This themeless 15x was tough but engaging, featuring lots of long entries and unusual phrases crossing, making for a satisfyingly challenge finale and a suitable final boss for the top contenders. The entry NHL MVP tripped me up more than once, what a brutal combination of letters, but the tight grid and strong cluing for both the Local and Express solvers made this an excellent wrap-up to a great day of puzzling
Interesting grid entries included CRAFT VODKA, THE ROYAL WE, “I’M NOT A CAT” (referencing that amazing online legal proceeding debacle), ACID ROCK, Y-AXES, and LEO X. Both the Local and Express sets of clues had some gems, so I’ll list them separately below:
- “Saved butt” for ROACH
- “Ah, this is the life (to Mario and Luigi)!” for ONE-UP
- “Ones for the books?” for SCHOLARS
- “Moving parts of a painting on ‘Scooby-Doo'” for EYES
- “What might require a blunt instrument?” for ROACH
- “Congress, after adjourning?” for BREAKUPSEX
- “Video game life form?” for ONE-UP
- “Cabs, e.g.” for REDS
- “Whence a popular countdown in Times Sq.” for TRL
There was also a tiebreaker themeless mini by Nam Jin Yoon. The mini was a quick and satisfying solve, anchored around the grid-spanning entries GATECRASHER and READ THE ROOM. Loaded with great vocabulary, this puzzle offered a nice wind-down after a strong tournament and several really engaging puzzles.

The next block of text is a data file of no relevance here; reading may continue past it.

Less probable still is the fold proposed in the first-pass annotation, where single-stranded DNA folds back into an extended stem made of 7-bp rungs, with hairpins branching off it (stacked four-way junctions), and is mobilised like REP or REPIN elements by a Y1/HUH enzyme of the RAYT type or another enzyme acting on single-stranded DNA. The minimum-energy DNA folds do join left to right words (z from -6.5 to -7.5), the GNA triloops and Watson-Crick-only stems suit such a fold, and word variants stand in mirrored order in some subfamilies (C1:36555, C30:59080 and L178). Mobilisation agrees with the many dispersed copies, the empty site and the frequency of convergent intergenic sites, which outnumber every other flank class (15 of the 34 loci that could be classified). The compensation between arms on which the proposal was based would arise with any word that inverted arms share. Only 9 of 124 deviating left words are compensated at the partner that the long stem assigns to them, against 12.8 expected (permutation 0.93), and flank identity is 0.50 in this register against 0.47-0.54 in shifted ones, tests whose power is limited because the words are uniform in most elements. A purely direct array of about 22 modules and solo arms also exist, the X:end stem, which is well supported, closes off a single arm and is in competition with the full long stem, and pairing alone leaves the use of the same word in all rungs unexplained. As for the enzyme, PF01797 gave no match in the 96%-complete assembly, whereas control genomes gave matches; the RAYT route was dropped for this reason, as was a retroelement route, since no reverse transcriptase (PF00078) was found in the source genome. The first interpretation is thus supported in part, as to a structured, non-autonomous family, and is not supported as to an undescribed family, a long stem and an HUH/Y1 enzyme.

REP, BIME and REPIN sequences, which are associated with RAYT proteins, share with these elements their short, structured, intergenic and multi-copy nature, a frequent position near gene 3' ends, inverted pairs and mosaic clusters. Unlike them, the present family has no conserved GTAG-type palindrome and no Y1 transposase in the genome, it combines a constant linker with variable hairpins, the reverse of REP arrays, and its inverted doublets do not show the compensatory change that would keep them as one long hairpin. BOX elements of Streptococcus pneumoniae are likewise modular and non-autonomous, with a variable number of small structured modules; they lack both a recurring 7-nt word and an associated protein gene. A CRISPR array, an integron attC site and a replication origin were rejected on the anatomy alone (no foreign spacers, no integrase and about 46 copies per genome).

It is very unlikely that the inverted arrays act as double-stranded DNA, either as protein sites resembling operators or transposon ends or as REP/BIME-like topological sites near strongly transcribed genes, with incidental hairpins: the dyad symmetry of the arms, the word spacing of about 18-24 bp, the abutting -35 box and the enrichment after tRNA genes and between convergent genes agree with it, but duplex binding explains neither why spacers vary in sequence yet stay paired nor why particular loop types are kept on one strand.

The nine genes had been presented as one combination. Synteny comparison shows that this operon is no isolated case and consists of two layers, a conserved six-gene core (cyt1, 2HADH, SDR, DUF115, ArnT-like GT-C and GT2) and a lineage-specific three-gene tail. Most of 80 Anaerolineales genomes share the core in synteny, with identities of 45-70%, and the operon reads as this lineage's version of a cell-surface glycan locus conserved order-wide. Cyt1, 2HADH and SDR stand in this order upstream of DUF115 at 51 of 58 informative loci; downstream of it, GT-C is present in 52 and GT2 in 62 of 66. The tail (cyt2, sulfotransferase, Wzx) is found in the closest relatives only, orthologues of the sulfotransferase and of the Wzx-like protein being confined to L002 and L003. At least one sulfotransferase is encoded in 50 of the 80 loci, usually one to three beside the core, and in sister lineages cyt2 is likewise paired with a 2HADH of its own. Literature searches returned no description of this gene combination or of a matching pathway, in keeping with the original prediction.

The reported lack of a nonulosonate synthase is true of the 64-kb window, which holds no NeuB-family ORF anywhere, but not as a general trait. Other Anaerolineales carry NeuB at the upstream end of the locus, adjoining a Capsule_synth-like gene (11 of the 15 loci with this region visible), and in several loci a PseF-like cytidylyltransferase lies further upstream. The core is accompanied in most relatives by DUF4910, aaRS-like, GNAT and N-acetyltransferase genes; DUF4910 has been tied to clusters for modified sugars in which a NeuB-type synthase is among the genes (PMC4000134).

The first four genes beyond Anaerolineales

Interesting grid entries included RAHRAH and TOO SOON, and my favorite clue from the mini was “Some fishy characters?” for MERMEN.
[There was also a meta-puzzle suite AND a collection of ten mini-crosswords dubbed the Mid-Day Mini Meta which was constructed by a small army of strong up-and-coming constructors, both of which are absolutely worth your time.]
The puzzles at Lollapuzzoola always impress, and this year was no exception. The grids were neatly constructed, there was little crosswordese, and the creative themes, grid designs, clues, and puzzle mechanics ensured that not only would fun be had by all, but that the puzzles would linger in your memory. Especially Puzzle 4.
The puzzles were varied and engaging, and the Next Day Division solving experience is always a treat. Congratulations on the competitors and the organizers who made it all happen, especially in a virtual format with so many additional solvers. (Click here to check out the Twitch feed of the entire tournament!)
Lollapuzzoola is only getting more creative, more groundbreaking, and more clever with each passing year, and it’s just awesome to watch it grow and evolve.
I can’t wait to see what they come up with next year!